Also in September 2006, again under the auspices of the WLS Durban and the WF UK, I made my first visit to Mabandla which roughly translated from Zulu means “Coming Together”. This is a community of about 40,000 people living in about 14 villages in the remote foothills of the Drakensbergs, about 5 hours drive from Durban in good weather.
Mabandla is headed by Chief Lawrence Baleni who is resisting the encroachments and blandishments of the mining companies which are keen to extract the minerals thought to be beneath the land of the community. At the same time there is much desperate poverty among the people and in order to provide jobs and income for his people Chief Lawrence and his father have established a sustainable forestry business which has been running successfully for 10 years.
Also established and running successfully is a scheme under which the WF UK sends young people from the UK to stay with families in Mabandla for short periods during which they engage in useful work for the community and their accomodation fees provide some welcome additional income for the families. Added to this of course is the immeasurable benefit of people from very different backgrounds coming into close contact and learning about each other.
Mabandla is keen to establish some serious ecotourism too since despite the success of the other enterprises a vast amount more income is needed, not least to help build up reasonable educational and health-care infrastructures.
A few years ago the son of Mr John Ngubo, a Mabandla resident, died of AIDS and in response John started up an HIV/AIDS education and support group which now involves a good number of young people, mainly young women, who knock on doors, distribute informative literature, female condoms and give support and palliative care. John is constantly struggling with a desperate shortage of resources and funds and has achieved a great amount in the circumstances.
Similarly the education infrastructure is desperately under-resourced and only God knows how much talent is going to waste.
I have stayed as a guest at Mabandla many times in the past few years and have always been made most warmly welcome. I have helped where I could with resources but it really is the proverbial drop in the ocean.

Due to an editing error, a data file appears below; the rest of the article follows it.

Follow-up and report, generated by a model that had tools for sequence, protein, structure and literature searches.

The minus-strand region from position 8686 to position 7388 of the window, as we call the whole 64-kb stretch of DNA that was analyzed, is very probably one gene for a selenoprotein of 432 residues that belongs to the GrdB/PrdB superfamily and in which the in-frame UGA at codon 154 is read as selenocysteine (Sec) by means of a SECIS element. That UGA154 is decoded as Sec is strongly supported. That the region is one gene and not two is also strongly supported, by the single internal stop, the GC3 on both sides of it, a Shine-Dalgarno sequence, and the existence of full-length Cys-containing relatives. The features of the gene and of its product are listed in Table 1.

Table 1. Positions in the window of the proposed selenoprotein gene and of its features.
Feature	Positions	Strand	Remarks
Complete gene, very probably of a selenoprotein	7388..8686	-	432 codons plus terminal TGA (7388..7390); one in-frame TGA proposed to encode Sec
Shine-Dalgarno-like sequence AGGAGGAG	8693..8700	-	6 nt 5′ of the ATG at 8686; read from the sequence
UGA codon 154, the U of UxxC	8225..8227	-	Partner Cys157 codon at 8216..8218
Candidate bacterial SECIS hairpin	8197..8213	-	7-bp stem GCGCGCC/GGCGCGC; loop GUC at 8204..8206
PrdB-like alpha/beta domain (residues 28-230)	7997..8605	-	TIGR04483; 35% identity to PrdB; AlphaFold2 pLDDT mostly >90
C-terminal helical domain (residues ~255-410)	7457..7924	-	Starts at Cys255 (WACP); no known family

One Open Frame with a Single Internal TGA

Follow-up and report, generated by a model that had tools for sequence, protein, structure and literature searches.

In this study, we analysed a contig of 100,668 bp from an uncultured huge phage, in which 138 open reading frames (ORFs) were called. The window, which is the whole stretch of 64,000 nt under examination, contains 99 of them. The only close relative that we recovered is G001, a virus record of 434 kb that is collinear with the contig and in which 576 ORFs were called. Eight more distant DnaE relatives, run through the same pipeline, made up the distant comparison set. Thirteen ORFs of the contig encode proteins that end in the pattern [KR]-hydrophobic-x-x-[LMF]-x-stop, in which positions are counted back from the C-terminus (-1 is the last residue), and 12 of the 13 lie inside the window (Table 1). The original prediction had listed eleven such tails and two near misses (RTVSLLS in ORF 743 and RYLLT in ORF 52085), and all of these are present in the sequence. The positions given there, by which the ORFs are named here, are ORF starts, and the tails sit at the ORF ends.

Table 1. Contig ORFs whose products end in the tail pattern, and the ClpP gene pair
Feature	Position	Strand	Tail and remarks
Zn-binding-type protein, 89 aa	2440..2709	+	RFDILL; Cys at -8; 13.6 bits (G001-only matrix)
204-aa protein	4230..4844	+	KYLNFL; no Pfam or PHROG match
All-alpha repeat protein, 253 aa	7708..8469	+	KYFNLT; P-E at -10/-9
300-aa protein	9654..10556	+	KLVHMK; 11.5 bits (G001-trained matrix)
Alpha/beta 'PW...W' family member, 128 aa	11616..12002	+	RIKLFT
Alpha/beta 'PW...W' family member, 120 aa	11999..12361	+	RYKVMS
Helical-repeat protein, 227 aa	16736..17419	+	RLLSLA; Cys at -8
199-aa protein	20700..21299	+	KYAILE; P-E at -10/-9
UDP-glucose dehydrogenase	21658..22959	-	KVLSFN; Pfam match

This is why I am seeking partners who are interested to learn more and to investigate the possibilities for bringing more significant resources of time and money to bear in order to support the efforts of the people of Mabandla to improve their situation.
Tel/Fax. +44 (0) 1273 587 557
Rob, 2 September 2007: I am now returned from South Africa having shared many wonderful and inspiring experiences with Alim at the Mabandla Community Project and with Alim, Kunderke and Ian at the Umfolozi Game Reserve.
I attach three pictures above. The first shows Alim at Mabandla at a gathering of people of the Shembe religion where we were made warmly welcome with roast goat and home-brewed maize beer. (Shembe is a revival of the traditional Zulu religion based upon ancestral spirits as mediators with the divine). In the centre above are the Mabandla Community Trust HIV EducationTeam. The third pic shows everyone (except me) at Umfolozi. Seated is our head guide, Paul, a zoologist….very knowledgeable and totally dedicated to conservation to the extent that he has willed that if one of the critters gets him he wants his remains to be left for the hyenas! Standing from the left are Jabulani, our back-up guide (senior trainee ).He is also a domestic violence and HIV counsellor. You can also see three of the four student guides I am sponsoring: Sipho, Lihle and Siphiwe along with Ian, Kunderke and Alim.